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Utah death-row inmate in court challenging guilty verdict

August 5, 2019
FILE - In this March 31, 2015, file photo, Douglas Lovell, 57, listens during closing arguments in the penalty phase of his trial, in Ogden, Utah. Lovell, a Utah death-row inmate will be back in court starting Monday, Aug. 5, 2019, to decide whether The Church of Jesus Christ of Latter-day Saints meddled in a 2015 trial where he was sentenced to die for the second time in the three decades since he was convicted of murdering a woman he had raped. The evidentiary hearing in Lovell's appeal is expected to last nearly a month. (Al Hartmann/The Salt Lake Tribune via AP, Pool, File)
FILE - In this March 31, 2015, file photo, Douglas Lovell, 57, listens during closing arguments in the penalty phase of his trial, in Ogden, Utah. Lovell, a Utah death-row inmate will be back in court starting Monday, Aug. 5, 2019, to decide whether The Church of Jesus Christ of Latter-day Saints meddled in a 2015 trial where he was sentenced to die for the second time in the three decades since he was convicted of murdering a woman he had raped. The evidentiary hearing in Lovell's appeal is expected to last nearly a month. (Al Hartmann/The Salt Lake Tribune via AP, Pool, File)

OGDEN, Utah (AP) — A death-row inmate headed back to court Monday contending he had ineffective legal counsel and that The Church of Jesus Christ of Latter-day Saints meddled in his 2015 trial.

The hearing comes after attorneys for Douglas Lovell raised questions about a trial that resulted in his death sentence for a second time, the Standard-Examiner reported .

Lovell, 61, killed Joyce Yost in 1985 to prevent her from testifying after he had been charged with raping her, according to court documents. Authorities said he tried to hire two other people to kill Yost before deciding to carry out the murder himself.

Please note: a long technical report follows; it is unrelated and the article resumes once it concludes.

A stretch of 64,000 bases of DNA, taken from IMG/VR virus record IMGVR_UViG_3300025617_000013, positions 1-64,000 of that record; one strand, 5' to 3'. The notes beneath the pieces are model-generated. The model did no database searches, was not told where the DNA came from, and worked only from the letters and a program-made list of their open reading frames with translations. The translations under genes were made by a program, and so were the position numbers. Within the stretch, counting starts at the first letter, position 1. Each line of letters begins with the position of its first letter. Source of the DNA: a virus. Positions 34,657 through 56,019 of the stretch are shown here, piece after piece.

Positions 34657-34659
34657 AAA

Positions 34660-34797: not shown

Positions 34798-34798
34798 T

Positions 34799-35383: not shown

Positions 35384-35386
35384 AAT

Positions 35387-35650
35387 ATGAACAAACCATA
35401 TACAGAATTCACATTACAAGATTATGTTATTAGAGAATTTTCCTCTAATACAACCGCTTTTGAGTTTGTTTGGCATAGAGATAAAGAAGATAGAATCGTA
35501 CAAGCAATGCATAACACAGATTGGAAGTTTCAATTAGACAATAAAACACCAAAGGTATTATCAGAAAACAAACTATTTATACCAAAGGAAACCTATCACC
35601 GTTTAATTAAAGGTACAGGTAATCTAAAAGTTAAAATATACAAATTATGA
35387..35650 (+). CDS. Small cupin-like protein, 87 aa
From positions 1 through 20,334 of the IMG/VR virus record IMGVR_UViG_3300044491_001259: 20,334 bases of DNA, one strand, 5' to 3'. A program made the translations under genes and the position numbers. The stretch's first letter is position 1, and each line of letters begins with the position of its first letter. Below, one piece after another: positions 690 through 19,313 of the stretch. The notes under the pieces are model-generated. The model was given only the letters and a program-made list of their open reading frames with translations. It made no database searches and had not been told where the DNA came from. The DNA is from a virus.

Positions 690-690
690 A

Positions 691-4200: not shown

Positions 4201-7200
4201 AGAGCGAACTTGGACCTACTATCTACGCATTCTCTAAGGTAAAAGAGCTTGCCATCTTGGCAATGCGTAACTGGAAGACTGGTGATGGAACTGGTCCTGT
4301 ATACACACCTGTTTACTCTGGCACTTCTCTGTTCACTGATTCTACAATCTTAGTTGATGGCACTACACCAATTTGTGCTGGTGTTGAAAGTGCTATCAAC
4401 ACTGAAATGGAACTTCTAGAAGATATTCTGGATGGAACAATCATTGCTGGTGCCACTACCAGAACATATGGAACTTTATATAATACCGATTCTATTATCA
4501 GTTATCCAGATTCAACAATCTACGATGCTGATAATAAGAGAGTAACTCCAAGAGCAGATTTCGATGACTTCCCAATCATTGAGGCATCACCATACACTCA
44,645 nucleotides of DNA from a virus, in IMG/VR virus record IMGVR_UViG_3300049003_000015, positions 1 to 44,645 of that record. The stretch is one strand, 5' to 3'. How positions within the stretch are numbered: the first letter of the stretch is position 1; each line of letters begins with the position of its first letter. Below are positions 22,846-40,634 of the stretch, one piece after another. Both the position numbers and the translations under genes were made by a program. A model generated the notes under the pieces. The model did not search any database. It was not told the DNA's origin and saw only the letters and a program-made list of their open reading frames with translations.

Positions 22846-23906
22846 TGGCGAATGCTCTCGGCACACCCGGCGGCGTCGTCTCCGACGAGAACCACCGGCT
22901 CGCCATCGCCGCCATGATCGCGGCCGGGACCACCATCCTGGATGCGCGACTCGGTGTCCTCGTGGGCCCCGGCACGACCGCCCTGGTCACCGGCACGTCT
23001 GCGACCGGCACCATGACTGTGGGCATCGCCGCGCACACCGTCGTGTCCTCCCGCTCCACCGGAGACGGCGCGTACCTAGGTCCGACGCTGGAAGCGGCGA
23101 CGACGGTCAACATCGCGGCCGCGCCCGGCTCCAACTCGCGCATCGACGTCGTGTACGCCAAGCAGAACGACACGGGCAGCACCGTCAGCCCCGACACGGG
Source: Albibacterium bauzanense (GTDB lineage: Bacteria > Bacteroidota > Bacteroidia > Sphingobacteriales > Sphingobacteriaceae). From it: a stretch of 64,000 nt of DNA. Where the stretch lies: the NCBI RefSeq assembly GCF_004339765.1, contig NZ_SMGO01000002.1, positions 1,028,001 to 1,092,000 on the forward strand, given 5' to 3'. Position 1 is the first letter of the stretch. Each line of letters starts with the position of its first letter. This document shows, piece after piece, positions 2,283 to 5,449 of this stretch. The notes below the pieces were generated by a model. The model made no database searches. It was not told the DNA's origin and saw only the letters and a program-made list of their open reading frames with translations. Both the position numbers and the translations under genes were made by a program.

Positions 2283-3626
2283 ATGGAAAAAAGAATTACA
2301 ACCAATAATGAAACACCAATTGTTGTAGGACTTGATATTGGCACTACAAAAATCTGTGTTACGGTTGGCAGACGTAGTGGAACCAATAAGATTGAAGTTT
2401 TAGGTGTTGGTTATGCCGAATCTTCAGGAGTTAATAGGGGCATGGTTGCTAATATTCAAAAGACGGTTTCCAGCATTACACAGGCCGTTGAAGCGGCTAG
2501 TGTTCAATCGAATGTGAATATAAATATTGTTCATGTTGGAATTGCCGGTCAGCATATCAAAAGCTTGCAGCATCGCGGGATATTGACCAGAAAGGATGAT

He pleaded guilty in 1993, agreeing to show authorities the location of Yost’s body. The body was never found, leading to Lovell being sentenced to death.

The Utah Supreme Court in 2011 allowed Lovell to withdraw his guilty plea. He was then convicted at trial and again sentenced to death.

The state Supreme Court in 2017 heard the case again and sent it back to a district court to determine if Lovell’s attorneys did their jobs properly and if the church asked ecclesiastical leaders to not testify.

The evidence hearing that began Monday is expected to last through Aug. 27.

Lovell says one of his former attorneys failed to properly prepare witnesses for trial. The attorney was assigned to contact 18 witnesses to testify, but a complaint claims he only contacted two.

A former prison bishop, John “Jack” Newton, said during a hearing earlier this month that church leadership suggested it would be preferable if he did not testify on behalf of Lovell at the 2015 trial. Newton worked with Lovell at the state prison.

The church has said leaders usually don’t participate in legal proceedings, and defense attorneys agreed to any limitations on members’ testimony.

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Information from: Standard-Examiner, http://www.standard.net

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